The great urbanization and what it means for nature: Part 1
With more than 50% of humans living in cities, what might happen next? Writer Rob McDonald provides some historic context and explores the possibilities.
Tue, Jan 12, 2010 at 11:41 AM
For the first time in human history, Homo sapiens, a balding primate that evolved on the savannahs of Africa, is an urban species. According to the UN Population Division, sometime in 2008 we crossed an imaginary line — and now more than 50 percent of humans live in cities.
Is that a wholly bad thing? Yes, according to many conservationists. But I’ve come to believe that the reality is much more complex, and I thought I would describe a bit of this complexity over my next few posts. First, let’s put this demographic moment in its historic context.
The coming urbanization represents an upheaval of the traditional demographic order, one likely to be permanent barring civilization’s collapse. The best archaeological and genetic evidence suggests Homo sapiens diverged from our nearest ancestor, Homo erectus, some 400,000 years ago to 250,000 years ago. For the first few hundred millennia — 95 percent of the time our species has existed — we got our food from hunting and gathering. Cities were not possible in a hunting and gathering society, for almost everyone had to work to procure food and almost no one had time for anything else, much less the construction of elaborate urban structures.
Around 10,000 years ago, the domestication of plants and animals occurred, an event that has rightly been called a revolution in human affairs. At around the same time, cities first appear in the archaeological record, presumably supported by the agriculture surplus of farmers. The urbanist Lewis Mumford once wrote of cities as a great bargain between city dwellers and farmers. Food went into cities, and out came assurances of security and new knowledge, of both a religious and a technological nature.
Urban dwellers remained a very small elite, a miniscule proportion of total population, until the industrial revolution created a big need for labor in cities and advances in agricultural technology reduced the need for human labor during farming. In the United States, this process began in the 19th century. In the 1860 census, just prior to the Civil War, less than 20 percent of Americans lived in urban areas. One generation later, in 1900, 40 percent of Americans were in urban areas. Today, the vast majority of Americans live in a city: Only 21 percent of Americans live in rural areas, and less than 2 percent of Americans are actually farmers.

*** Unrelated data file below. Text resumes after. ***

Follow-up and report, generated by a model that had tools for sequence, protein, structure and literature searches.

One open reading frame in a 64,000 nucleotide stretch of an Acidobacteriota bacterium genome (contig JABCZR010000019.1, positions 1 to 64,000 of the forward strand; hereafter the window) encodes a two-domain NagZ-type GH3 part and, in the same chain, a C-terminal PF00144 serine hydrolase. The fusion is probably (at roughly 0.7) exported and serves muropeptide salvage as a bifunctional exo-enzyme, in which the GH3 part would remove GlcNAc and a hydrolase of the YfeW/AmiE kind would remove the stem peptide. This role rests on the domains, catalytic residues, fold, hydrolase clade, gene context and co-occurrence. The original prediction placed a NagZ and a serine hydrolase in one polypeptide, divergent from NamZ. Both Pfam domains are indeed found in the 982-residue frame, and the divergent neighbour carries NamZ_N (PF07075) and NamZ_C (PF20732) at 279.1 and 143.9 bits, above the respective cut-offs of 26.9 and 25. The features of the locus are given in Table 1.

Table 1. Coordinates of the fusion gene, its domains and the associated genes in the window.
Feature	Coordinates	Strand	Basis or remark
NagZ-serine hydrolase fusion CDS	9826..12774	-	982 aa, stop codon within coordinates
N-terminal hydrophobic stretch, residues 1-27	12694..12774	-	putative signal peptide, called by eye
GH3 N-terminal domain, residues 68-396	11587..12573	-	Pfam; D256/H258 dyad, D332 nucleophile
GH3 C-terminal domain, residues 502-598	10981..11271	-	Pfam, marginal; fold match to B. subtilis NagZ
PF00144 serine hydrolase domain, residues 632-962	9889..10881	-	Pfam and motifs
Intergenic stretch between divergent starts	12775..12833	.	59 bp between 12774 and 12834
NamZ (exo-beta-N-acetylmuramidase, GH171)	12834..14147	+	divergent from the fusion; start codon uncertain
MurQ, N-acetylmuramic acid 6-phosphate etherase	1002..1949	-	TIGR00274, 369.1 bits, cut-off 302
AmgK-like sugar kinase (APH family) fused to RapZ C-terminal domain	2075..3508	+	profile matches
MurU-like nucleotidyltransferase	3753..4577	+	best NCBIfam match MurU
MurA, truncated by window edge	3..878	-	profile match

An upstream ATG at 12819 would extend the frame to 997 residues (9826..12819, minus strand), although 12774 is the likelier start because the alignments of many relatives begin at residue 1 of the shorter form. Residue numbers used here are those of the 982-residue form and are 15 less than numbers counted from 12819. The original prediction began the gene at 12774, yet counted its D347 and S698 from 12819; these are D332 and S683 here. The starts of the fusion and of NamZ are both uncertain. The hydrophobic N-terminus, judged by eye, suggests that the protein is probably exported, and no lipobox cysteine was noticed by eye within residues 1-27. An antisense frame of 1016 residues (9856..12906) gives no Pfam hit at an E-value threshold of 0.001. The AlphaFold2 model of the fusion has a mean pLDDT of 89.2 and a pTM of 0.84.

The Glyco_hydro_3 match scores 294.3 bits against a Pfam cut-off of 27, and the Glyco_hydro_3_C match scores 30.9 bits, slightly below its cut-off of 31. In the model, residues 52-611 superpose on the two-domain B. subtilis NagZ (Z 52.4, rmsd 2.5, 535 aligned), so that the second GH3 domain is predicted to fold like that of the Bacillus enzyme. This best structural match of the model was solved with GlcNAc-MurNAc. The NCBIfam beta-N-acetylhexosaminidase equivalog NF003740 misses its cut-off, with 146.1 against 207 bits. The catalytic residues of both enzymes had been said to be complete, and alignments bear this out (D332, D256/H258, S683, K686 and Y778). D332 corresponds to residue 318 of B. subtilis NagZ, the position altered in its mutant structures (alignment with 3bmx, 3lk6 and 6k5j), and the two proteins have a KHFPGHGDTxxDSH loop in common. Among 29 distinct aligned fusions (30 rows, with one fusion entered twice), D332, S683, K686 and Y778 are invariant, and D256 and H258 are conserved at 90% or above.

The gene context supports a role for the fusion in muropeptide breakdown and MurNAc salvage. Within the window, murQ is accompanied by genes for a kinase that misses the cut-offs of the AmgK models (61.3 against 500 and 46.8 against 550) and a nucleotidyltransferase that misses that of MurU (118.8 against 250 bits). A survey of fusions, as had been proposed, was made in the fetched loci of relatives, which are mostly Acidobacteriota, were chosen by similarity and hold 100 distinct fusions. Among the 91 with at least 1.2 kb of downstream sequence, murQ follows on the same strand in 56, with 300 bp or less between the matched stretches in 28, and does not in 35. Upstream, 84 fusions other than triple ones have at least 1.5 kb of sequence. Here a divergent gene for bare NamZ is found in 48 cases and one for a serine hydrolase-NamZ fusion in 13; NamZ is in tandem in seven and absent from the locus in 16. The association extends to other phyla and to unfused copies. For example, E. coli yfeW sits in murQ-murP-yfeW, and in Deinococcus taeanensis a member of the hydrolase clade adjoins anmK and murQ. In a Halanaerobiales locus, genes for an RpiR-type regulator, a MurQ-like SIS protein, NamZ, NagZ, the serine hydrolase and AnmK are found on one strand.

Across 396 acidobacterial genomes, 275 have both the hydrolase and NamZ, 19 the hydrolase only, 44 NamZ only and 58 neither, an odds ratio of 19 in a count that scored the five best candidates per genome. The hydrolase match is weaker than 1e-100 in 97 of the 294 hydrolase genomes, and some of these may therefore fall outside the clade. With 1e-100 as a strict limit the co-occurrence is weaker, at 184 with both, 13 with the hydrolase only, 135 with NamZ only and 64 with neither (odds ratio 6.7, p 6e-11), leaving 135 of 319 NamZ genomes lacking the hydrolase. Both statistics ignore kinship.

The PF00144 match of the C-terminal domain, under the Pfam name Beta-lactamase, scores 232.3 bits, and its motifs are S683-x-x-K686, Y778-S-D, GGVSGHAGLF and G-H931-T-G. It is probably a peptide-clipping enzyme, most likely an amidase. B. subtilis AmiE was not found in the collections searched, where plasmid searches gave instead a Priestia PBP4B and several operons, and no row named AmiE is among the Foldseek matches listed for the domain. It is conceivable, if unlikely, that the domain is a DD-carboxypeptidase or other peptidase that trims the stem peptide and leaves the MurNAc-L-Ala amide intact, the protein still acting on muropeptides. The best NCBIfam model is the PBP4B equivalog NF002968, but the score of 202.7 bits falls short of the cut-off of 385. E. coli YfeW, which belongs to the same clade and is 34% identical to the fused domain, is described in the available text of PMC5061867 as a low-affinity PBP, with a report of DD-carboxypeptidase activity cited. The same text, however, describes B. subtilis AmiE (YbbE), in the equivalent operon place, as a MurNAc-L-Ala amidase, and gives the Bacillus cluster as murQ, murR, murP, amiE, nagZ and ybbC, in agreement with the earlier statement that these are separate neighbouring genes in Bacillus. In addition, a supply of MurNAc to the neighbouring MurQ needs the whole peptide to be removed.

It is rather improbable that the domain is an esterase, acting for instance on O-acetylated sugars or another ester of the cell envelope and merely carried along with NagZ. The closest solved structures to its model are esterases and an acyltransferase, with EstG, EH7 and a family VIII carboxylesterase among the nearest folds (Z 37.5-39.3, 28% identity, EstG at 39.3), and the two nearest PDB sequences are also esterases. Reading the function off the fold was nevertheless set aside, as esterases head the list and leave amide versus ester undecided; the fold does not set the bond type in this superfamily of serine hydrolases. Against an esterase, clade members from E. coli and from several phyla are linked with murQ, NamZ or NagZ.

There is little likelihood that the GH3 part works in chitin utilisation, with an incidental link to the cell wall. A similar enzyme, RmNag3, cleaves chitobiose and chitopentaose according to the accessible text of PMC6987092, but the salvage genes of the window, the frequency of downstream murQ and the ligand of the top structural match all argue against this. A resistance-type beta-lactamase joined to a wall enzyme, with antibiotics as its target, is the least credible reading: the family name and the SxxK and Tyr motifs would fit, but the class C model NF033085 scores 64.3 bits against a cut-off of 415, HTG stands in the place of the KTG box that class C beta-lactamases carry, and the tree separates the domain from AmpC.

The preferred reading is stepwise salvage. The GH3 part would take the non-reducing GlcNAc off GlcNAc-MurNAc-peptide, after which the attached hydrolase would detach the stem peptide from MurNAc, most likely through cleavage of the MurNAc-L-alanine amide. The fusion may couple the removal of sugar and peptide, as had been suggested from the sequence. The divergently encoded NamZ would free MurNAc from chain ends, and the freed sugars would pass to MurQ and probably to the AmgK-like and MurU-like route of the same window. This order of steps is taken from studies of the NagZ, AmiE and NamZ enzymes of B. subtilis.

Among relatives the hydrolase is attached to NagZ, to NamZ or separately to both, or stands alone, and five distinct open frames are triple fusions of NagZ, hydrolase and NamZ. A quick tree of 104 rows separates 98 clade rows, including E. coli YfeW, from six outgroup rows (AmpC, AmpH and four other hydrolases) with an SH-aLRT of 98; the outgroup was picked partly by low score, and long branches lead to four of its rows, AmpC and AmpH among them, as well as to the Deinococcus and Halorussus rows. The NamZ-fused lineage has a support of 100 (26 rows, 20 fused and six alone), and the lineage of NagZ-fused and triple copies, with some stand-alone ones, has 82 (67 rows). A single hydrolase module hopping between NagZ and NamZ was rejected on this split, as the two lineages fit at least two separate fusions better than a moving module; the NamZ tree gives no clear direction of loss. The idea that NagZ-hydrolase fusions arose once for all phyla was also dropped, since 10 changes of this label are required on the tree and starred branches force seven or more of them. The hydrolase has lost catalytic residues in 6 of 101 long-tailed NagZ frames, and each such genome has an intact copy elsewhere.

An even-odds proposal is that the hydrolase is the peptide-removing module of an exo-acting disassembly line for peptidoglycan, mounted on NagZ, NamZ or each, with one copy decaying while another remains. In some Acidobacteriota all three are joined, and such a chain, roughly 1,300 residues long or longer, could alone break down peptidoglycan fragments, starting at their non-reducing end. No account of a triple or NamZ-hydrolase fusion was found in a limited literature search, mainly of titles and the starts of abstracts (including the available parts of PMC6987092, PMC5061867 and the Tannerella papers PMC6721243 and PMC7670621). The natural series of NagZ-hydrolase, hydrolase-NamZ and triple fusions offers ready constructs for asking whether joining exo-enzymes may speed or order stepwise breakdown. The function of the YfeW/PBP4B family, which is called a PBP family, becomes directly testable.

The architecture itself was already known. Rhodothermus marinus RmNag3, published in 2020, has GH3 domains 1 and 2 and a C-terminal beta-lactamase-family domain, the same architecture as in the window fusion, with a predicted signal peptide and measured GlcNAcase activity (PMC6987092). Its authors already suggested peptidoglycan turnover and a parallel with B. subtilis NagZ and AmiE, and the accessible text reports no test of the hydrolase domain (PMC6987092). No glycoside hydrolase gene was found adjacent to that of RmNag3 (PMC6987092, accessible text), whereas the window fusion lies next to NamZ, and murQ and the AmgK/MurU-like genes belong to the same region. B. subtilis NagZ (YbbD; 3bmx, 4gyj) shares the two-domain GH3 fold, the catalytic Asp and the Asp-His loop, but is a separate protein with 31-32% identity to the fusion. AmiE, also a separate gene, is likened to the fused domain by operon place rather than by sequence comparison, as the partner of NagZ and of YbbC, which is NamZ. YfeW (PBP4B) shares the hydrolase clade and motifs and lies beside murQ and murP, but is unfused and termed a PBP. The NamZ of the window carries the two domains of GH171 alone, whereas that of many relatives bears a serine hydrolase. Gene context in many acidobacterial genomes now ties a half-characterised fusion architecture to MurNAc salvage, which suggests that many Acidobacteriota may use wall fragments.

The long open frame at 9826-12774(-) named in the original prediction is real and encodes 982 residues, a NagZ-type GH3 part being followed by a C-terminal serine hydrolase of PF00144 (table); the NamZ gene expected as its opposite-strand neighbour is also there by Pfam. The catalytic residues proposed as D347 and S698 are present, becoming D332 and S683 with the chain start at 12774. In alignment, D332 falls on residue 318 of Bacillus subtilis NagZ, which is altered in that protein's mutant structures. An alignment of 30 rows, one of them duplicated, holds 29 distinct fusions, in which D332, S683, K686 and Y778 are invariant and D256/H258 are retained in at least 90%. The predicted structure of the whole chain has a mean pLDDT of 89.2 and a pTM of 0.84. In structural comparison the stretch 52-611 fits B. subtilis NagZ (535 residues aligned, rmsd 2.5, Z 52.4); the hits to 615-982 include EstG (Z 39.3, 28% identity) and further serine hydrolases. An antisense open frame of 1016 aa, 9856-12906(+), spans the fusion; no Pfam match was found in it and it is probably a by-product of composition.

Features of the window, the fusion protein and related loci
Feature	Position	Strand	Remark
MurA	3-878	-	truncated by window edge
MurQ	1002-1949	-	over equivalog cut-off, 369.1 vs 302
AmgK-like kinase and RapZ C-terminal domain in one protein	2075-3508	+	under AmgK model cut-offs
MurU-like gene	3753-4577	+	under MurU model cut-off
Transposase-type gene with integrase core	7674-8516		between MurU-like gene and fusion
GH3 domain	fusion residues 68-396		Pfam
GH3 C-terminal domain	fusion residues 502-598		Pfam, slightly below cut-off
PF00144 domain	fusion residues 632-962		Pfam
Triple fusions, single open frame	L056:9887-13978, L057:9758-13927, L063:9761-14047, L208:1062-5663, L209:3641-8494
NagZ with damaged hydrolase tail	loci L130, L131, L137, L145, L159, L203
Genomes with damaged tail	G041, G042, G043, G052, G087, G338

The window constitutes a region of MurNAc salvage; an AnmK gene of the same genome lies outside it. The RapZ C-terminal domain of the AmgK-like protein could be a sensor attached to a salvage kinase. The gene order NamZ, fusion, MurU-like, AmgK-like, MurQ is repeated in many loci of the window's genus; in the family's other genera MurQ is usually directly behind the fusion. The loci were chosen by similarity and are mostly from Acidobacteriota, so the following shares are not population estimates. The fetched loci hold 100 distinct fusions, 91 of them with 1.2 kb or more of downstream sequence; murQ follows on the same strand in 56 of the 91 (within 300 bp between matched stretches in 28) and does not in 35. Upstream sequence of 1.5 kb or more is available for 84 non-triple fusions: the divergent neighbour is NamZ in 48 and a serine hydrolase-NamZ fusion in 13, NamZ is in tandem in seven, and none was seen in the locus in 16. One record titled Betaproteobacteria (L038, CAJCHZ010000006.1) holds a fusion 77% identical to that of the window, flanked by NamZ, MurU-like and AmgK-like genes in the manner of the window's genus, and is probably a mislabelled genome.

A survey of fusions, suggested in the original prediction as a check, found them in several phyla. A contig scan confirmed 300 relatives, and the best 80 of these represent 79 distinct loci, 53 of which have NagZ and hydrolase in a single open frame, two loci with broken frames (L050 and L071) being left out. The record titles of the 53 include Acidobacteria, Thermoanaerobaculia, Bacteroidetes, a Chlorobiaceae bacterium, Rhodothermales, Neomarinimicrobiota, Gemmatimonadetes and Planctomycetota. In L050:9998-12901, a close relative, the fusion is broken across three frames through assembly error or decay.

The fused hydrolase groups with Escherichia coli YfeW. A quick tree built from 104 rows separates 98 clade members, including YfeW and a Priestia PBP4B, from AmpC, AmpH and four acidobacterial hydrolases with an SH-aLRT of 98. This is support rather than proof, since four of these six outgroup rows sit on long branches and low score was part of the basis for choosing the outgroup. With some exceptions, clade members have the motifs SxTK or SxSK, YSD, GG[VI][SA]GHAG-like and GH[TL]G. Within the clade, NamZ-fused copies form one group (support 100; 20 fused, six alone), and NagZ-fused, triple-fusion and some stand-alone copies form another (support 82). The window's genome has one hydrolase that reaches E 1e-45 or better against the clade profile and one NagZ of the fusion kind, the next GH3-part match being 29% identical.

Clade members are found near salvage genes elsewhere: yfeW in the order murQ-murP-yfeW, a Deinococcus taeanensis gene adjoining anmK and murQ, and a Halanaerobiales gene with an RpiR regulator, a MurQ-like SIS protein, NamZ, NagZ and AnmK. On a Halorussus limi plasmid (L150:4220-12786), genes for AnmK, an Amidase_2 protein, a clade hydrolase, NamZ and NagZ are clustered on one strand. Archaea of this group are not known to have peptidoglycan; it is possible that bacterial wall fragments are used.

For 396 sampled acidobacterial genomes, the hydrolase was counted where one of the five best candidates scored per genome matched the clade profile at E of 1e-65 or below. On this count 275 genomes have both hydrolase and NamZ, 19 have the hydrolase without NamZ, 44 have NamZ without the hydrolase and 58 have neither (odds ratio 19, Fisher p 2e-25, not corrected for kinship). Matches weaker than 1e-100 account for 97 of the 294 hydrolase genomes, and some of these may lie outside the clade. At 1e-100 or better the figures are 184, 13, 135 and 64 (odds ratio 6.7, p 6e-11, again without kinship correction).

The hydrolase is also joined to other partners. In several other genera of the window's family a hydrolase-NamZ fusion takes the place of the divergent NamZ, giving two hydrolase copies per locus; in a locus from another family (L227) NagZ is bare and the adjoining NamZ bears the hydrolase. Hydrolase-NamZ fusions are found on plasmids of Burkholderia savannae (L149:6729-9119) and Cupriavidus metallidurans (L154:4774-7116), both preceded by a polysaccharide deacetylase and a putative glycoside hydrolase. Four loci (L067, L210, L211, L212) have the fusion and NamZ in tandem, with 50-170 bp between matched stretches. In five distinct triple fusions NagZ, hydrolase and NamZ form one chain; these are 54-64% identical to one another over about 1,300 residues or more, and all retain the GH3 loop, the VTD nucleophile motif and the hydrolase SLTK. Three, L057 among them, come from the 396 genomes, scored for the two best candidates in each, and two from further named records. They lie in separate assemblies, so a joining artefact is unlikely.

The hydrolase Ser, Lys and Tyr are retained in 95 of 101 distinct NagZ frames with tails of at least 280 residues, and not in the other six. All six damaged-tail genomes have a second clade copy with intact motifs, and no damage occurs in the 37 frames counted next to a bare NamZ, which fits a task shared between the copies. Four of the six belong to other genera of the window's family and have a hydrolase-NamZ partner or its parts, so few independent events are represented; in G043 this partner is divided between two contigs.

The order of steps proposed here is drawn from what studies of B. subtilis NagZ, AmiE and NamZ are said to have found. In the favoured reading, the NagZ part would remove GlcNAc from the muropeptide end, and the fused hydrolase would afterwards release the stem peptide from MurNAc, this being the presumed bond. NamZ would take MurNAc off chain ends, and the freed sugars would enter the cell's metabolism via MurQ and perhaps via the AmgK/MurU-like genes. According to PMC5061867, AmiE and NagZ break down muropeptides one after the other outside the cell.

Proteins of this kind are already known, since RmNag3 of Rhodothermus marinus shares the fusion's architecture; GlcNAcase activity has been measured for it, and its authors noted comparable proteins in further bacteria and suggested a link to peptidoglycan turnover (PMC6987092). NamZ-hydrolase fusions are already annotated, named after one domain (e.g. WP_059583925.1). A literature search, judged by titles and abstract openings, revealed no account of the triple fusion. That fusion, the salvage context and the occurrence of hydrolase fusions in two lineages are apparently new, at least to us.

Sarah Palin famously claimed to prefer “real America,” with the unstated implication that other parts of the United States are not quite American. There is decidedly a small town feel to “real America,” whether it’s Wasilla, Alaska, or the fictional Bedford Falls portrayed in It’s a Wonderful Life. The irony is that Palin was making her claim at a time when few Americans watching actually lived in a small town. If one excludes bedroom communities of major metropolitan areas from the calculation, only 8.1 percent of Americans live in small towns.
In contrast, 80.3 percent of people live in major metropolitan areas or their suburbs. Many conservationists face a somewhat similar divide. While most of us tend to live in towns (that is where the jobs and the universities and the decision-makers are found), our hearts are really in far more rural and wild areas. It is there that most of the functioning natural systems are left, and many of us (myself included) wish we could see more of these wild places. The trees and parks in our urban home are not quite “real Nature,” but some partial version of it.
The rest of developing world is now becoming urbanized, and will soon catch up with the United States and Europe in this respect. For instance:
Sub-Saharan Africa is now 35.0 percent urban, and by 2050 will be 60.5 percent urban.
Southeast Asia is currently 44.1 percent urban, and will reach 73.3 percent urban by 2050.
Through a combination of population increase (more births than deaths) and migration (from rural to urban), the cities of the world will swell by 3.2 billion people by 2050. As one speaker at the third World Urban Forum put it, humanity is doing the equivalent of building a city the size of Vancouver every week. Another way to look at it: By 2030, more houses will be built than currently exist in all of Europe. Humanity is building the great cities of the future — and quickly, hastily.
The logical demographic endpoint is an urban world, where the vast majority of the humanity lives in cities. While demographers are quite familiar with a mostly urban population from looking at U.S. and E.U. figures, at a global level this is something wholly different than the first 99 percent of our species existence. Apparently, this is also a demographically stable state. In the U.S. and E.U. there is no trend away from urbanization, and only in the most severe political or economic crises is there even an occasional return to the countryside. When historians write about the 18th and 19th century, the process of industrialization is in many ways more important than the politicians and monarchs.
Historians will similarly focus on the 20th and 21st centuries as the age of cities and the dawn of an urban world.
Conservationists have to be prepared: Humanity now lives in a world of the city, by the city, and for the city.
-- Text by Rob McDonald, Cool Green Science Blog
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